Rampart Streetcar Line Reopening Brings Relief

NEW ORLEANS (Verite) — On a warm Wednesday evening last week, Andy Overslaugh was working behind the bar at the Voodoo Lounge when he heard a familiar — but long-missed — sound coming from the street. As he served a cooling blend of vodka and grapefruit juice to bar patrons, someone passed a plump, cherub-faced baby across the bar for him to hold. And then there it was: the jingle and chug of the Rampart streetcar, which recently reopened after being shut down for nearly five years. 

“Oh wait a minute! I ain’t heard that in five years,” Overslaugh said, still holding the baby. “That’s been the biggest just subtle joy of having it back is the sound. I love hearing it go by.” 

The October 2019 Hard Rock hotel collapse damaged infrastructure along the 1.6 mile route — which runs from Rampart Street at Canal Street to St. Claude Avenue at Elysian Fields Avenue —  leaving the line out of service just three years after it first began running. 

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Repeated delays kept the route from reopening for several years, but on May 19 the red and yellow streetcar began to run again, to the delight of businesses and residents along the corridor. 

Overslaugh has worked at the bar for a decade, so he watched from behind the bar as the line was built, which brought its own headaches — less foot traffic, more noise and flying dust and dirt from the work.  

“It was a dirt road out here,” he said. “Every day you would have to wipe the bottles down because it was just gravel.” 

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Construction on the line began in late 2014. The project cost $41.5 million and was hailed by city officials as a major catalyst for new investment along the corridor. But the line has either been under construction or closed for seven of the 10 following years.

Other businesses along Rampart Street struggled to stay afloat during construction. Rampart Street resident and tour guide Evian Hardester said the hot dog restaurant they worked at during the time, Dreamy Weenies, closed in part because of the losses it took during the lengthy construction. 

“The construction was so loud and they weren’t getting the same kind of foot traffic that they normally did,” Hardester said. “They never got above water after that.”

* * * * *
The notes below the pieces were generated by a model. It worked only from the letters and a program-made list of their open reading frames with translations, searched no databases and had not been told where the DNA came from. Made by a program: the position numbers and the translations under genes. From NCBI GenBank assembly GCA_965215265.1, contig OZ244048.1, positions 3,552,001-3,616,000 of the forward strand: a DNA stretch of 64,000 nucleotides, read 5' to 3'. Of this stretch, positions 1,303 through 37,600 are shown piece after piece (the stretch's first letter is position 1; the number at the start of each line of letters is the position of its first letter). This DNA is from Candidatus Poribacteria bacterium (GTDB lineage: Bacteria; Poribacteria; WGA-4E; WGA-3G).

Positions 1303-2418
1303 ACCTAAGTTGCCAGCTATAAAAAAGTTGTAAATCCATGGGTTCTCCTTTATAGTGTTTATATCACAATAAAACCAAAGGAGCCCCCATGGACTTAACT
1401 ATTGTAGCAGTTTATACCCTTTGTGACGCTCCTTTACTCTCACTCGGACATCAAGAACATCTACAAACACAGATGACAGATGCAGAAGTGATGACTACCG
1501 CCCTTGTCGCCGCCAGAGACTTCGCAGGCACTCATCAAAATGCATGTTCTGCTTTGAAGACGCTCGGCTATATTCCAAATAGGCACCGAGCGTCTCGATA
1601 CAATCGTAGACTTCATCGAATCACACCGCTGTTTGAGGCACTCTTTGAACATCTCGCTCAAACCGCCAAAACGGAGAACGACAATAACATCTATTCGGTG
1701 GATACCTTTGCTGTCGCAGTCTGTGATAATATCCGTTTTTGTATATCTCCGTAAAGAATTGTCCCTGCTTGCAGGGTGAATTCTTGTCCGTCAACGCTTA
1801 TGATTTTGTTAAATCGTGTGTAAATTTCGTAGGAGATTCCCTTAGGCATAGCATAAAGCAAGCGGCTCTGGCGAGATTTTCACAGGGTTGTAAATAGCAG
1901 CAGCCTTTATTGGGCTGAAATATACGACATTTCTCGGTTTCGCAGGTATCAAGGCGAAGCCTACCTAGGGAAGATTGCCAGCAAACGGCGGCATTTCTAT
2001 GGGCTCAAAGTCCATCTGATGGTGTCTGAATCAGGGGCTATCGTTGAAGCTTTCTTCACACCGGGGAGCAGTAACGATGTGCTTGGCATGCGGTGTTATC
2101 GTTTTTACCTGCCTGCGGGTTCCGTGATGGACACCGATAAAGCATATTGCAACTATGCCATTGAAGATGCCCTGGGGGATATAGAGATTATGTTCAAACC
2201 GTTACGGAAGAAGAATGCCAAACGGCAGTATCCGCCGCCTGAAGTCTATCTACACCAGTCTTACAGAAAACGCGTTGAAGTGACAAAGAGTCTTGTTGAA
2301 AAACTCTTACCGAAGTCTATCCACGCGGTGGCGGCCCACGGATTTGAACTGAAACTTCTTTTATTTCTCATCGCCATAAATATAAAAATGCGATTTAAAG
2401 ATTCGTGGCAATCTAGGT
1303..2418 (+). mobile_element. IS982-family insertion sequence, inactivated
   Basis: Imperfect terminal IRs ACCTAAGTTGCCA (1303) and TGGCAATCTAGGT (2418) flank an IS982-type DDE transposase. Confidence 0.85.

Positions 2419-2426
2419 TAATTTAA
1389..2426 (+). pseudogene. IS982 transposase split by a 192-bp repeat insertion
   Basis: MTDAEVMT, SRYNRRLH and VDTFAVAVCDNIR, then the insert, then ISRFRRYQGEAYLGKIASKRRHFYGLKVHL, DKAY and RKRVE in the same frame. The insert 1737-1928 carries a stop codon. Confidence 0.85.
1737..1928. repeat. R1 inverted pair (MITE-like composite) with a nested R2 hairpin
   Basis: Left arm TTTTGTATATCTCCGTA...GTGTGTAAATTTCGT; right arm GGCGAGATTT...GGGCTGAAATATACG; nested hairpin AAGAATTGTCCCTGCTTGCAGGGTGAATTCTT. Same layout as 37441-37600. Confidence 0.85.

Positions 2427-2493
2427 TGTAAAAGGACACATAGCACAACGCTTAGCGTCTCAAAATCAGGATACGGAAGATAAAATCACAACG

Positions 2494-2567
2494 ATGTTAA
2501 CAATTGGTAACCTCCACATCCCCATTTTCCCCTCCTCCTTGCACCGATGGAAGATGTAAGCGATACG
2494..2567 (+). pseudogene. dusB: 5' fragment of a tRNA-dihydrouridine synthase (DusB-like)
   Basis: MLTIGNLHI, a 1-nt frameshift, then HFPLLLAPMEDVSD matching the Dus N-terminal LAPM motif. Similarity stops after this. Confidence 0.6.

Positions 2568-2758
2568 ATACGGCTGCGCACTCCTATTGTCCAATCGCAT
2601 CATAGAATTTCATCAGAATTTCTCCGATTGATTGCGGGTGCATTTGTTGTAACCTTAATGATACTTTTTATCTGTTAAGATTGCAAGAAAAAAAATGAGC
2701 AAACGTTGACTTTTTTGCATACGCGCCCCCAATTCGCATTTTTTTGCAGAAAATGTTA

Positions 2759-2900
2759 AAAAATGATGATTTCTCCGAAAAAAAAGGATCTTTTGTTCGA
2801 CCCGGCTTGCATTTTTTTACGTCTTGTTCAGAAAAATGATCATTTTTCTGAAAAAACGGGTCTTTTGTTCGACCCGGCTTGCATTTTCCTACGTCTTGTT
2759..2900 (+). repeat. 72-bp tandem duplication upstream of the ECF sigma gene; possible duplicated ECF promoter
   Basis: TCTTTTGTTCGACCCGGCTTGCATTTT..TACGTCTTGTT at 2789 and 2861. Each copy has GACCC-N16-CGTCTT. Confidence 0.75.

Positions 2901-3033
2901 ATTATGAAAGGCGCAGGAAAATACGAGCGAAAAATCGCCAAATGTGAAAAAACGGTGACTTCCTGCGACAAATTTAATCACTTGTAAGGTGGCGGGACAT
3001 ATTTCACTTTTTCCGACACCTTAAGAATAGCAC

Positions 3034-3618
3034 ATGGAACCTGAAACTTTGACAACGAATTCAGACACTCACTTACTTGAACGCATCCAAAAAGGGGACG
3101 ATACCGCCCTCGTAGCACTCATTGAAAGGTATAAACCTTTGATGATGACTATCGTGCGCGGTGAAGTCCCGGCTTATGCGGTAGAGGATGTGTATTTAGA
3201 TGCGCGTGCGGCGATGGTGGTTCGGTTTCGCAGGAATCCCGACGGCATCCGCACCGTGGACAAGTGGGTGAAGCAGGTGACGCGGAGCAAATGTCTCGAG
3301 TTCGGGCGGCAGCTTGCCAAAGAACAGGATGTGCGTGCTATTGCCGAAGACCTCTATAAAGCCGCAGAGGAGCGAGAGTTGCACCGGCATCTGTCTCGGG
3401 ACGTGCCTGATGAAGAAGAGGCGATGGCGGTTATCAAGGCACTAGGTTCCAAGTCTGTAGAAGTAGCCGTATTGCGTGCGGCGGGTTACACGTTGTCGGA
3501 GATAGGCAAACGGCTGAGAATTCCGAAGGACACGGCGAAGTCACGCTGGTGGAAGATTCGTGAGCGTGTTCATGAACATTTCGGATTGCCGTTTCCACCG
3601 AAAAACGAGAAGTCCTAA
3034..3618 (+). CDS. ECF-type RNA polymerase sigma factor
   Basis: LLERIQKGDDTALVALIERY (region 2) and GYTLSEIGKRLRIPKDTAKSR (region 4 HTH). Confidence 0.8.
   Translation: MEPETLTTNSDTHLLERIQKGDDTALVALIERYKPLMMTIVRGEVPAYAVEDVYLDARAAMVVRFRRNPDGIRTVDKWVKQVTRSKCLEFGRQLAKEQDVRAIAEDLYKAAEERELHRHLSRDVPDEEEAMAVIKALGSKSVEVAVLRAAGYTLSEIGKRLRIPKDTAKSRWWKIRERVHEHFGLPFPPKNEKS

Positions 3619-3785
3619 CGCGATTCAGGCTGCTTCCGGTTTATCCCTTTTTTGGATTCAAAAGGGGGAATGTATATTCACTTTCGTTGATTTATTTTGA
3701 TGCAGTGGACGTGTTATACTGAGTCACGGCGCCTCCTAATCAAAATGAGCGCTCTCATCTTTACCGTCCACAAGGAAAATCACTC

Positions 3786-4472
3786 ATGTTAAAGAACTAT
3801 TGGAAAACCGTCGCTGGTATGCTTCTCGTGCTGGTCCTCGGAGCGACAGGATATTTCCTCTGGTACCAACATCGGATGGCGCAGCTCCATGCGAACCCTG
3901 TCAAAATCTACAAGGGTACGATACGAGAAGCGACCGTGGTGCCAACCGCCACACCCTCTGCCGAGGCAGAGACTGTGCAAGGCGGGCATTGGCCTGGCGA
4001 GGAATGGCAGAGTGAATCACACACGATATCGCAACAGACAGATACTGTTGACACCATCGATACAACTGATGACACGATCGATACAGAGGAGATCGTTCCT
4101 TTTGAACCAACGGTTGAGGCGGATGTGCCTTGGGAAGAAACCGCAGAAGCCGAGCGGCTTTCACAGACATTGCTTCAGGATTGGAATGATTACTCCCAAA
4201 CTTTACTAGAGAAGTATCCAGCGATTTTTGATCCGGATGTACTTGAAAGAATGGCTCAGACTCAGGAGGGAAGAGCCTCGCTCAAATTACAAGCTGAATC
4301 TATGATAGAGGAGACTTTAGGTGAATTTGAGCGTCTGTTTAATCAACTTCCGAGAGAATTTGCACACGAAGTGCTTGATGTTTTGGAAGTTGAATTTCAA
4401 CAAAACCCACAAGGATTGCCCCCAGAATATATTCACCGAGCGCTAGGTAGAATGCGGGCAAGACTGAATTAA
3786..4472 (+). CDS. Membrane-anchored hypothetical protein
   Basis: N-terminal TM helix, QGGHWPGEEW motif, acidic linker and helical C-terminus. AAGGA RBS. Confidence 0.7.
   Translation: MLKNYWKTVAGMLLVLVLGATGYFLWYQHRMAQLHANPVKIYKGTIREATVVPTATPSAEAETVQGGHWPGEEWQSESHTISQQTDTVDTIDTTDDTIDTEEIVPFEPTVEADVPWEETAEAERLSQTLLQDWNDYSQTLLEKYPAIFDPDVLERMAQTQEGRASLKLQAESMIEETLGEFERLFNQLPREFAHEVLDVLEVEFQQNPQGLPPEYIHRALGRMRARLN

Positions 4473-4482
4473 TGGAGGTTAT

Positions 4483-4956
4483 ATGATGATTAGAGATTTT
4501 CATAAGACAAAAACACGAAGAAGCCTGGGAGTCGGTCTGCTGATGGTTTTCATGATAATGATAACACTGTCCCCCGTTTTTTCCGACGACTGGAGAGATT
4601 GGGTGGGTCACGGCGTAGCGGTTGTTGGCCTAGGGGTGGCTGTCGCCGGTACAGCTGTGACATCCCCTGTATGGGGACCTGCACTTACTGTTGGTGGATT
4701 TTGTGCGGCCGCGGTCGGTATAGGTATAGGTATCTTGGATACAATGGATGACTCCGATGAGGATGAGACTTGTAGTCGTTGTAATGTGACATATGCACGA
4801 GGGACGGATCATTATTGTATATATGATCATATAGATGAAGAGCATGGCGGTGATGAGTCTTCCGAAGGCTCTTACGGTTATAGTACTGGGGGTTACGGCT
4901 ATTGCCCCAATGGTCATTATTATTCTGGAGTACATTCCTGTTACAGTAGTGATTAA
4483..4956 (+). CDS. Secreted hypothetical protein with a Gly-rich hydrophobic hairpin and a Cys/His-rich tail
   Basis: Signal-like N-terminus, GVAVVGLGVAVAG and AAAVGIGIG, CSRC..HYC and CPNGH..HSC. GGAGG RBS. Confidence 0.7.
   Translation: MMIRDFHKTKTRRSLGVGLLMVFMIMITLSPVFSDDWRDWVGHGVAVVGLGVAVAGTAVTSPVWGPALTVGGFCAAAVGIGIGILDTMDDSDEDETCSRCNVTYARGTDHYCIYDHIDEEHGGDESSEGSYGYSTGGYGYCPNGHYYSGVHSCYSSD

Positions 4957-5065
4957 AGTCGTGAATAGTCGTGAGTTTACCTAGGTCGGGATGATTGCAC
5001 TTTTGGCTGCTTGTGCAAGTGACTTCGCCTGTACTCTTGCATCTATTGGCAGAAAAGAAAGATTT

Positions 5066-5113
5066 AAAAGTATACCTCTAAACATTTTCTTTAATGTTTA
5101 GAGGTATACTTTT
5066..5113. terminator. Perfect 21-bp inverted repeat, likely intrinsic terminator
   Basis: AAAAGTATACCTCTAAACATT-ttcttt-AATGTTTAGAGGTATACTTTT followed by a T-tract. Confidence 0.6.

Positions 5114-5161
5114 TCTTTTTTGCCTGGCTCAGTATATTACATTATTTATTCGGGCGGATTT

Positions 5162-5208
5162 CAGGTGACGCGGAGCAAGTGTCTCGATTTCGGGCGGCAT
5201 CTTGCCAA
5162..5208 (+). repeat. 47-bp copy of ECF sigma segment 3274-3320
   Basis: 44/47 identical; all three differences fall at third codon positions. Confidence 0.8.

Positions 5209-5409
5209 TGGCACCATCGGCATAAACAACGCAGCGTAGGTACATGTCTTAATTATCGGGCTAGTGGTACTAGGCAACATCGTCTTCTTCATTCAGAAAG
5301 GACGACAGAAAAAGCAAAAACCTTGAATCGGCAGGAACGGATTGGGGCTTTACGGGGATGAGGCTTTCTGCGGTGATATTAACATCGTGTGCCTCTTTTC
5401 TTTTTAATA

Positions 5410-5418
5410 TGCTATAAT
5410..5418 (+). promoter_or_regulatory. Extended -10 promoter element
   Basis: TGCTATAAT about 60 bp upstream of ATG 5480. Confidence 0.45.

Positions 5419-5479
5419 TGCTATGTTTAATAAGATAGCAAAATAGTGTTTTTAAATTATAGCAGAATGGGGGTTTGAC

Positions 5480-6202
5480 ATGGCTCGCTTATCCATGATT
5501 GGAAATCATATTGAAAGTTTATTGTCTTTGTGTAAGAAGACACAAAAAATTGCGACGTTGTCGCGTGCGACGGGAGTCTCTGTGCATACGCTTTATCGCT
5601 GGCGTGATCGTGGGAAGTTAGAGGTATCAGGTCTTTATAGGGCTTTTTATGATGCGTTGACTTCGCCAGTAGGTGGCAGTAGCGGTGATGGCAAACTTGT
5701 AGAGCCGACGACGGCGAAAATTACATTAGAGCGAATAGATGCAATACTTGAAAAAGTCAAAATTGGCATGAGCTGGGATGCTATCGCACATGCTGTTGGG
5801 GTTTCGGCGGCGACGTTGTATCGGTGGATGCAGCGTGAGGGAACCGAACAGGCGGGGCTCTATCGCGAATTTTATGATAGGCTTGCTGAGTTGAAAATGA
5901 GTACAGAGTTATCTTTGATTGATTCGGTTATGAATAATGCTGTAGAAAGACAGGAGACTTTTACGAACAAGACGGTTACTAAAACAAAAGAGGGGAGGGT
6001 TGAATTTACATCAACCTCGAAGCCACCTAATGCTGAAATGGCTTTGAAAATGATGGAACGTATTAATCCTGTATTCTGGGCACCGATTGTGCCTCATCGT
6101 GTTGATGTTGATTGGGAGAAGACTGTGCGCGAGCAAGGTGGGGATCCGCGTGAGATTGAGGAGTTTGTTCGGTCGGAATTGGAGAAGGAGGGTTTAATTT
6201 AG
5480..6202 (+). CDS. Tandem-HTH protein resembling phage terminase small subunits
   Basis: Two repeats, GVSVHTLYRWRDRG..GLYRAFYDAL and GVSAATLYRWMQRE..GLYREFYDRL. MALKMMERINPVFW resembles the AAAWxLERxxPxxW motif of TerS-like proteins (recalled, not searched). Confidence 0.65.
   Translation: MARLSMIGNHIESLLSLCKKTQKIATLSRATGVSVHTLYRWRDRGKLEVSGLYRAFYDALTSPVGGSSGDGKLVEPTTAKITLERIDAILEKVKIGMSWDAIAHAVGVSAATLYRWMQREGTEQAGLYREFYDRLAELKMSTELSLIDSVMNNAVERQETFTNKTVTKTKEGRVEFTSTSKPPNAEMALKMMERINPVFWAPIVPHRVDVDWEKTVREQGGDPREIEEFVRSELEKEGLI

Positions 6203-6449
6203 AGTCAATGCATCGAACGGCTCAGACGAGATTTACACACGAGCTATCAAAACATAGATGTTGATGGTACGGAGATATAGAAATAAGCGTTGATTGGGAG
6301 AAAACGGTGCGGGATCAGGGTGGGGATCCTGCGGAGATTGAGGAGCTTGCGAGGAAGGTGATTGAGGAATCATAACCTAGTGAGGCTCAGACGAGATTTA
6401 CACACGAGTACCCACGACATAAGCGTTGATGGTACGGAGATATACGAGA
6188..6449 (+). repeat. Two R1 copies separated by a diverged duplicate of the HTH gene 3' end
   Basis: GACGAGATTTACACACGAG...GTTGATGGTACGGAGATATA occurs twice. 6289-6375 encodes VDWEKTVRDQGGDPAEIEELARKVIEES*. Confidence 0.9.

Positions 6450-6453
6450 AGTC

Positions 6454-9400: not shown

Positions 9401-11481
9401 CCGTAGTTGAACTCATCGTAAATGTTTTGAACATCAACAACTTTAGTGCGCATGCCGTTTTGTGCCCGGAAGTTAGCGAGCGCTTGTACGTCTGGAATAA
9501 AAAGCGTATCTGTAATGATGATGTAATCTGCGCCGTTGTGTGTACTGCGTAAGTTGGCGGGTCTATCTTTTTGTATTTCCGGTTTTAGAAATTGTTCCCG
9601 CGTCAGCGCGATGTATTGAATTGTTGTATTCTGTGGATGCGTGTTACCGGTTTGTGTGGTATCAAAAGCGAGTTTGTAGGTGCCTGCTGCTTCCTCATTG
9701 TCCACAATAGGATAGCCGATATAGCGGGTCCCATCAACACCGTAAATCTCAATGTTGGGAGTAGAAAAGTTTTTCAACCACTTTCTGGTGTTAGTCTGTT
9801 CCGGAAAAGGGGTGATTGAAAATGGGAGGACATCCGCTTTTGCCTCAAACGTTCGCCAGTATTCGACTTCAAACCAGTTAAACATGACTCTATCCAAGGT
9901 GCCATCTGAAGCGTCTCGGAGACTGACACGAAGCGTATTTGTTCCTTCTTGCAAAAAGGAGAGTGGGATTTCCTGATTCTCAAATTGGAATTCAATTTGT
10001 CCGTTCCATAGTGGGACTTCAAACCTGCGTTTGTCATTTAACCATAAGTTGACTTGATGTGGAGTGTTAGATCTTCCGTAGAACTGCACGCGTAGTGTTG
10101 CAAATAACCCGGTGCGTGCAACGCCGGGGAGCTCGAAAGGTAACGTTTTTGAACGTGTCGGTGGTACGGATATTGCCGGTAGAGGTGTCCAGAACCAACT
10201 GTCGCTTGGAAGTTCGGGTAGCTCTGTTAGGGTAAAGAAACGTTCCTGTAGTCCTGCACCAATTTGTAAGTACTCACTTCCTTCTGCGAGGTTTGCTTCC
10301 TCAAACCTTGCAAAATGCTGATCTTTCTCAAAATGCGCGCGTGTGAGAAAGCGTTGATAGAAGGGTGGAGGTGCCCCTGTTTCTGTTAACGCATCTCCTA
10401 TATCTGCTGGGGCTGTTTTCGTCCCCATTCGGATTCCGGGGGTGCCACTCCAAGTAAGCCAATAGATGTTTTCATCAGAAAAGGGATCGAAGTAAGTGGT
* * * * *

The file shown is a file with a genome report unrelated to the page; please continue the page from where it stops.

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The relief was short-lived. On Oct. 12, 2019, portions of the upper floors of the Hard Rock — which was under construction at the corner of Canal Street and North Rampart Street — collapsed, killing three workers at the site. The collapse also damaged several poles and wiring along the three-year-old streetcar line. The New Orleans Regional Transit Authority initially estimated that repairs would take about two years, but that timeline was repeatedly pushed back in part due to delays in stabilizing and clearing the damaged hotel.
Ultimately, the line didn’t reopen until last month, more than four-and-a-half years after it shut down.
“The Hard Rock [collapse] hit closer to home for us than the rest of the city,” Overslaugh said, speaking of businesses and residents along Rampart Street. “Then we had the absence of the streetcar to remind us of the tragedy for so long.” 

Returning the streetcar to service has cost the RTA $2.3 million, according to officials. The RTA hopes to recover those funds in a potential settlement with the Hard Rock developers. 

The streetcar’s return has brought some surprising changes to North Rampart Street. Hardester said the streetcar has had a calming effect on traffic along the corridor. 

“Crossing Rampart is usually a nightmare, [but] I have noticed an increase in people stopping for pedestrians because the streetcar was stopping,” they said. 

Businesses on the strip that have opened since the streetcar was shut down hope to get more eyes on their storefronts from passengers. Melissa Odum opened skincare boutique and spa Queendom Aesthetics on Rampart Street near Governor Nicholls Street one week before the streetcar reopened. 

“I didn’t know the streetcar came way back here,” Odum said. “It’s a great opportunity for us to benefit from the traffic.” 

Near the end of the line on St. Claude Avenue, sexual wellness shop Dynamo opened shortly after the streetcar was first constructed. Having weathered the Hard Rock collapse and the COVID-19 pandemic and the lengthy streetcar shutdown, owner Hope Kodman Vonstares said the optimism she felt years ago riding along the streetcar and gazing at her store has returned. 

“I’m hopeful that with it being back we’ll get folks coming out this way,” Kodman Vonstarnes said. “Anything that gets more eyes on St. Claude is fine with me.”

By Bobbi-Jeanne Misick

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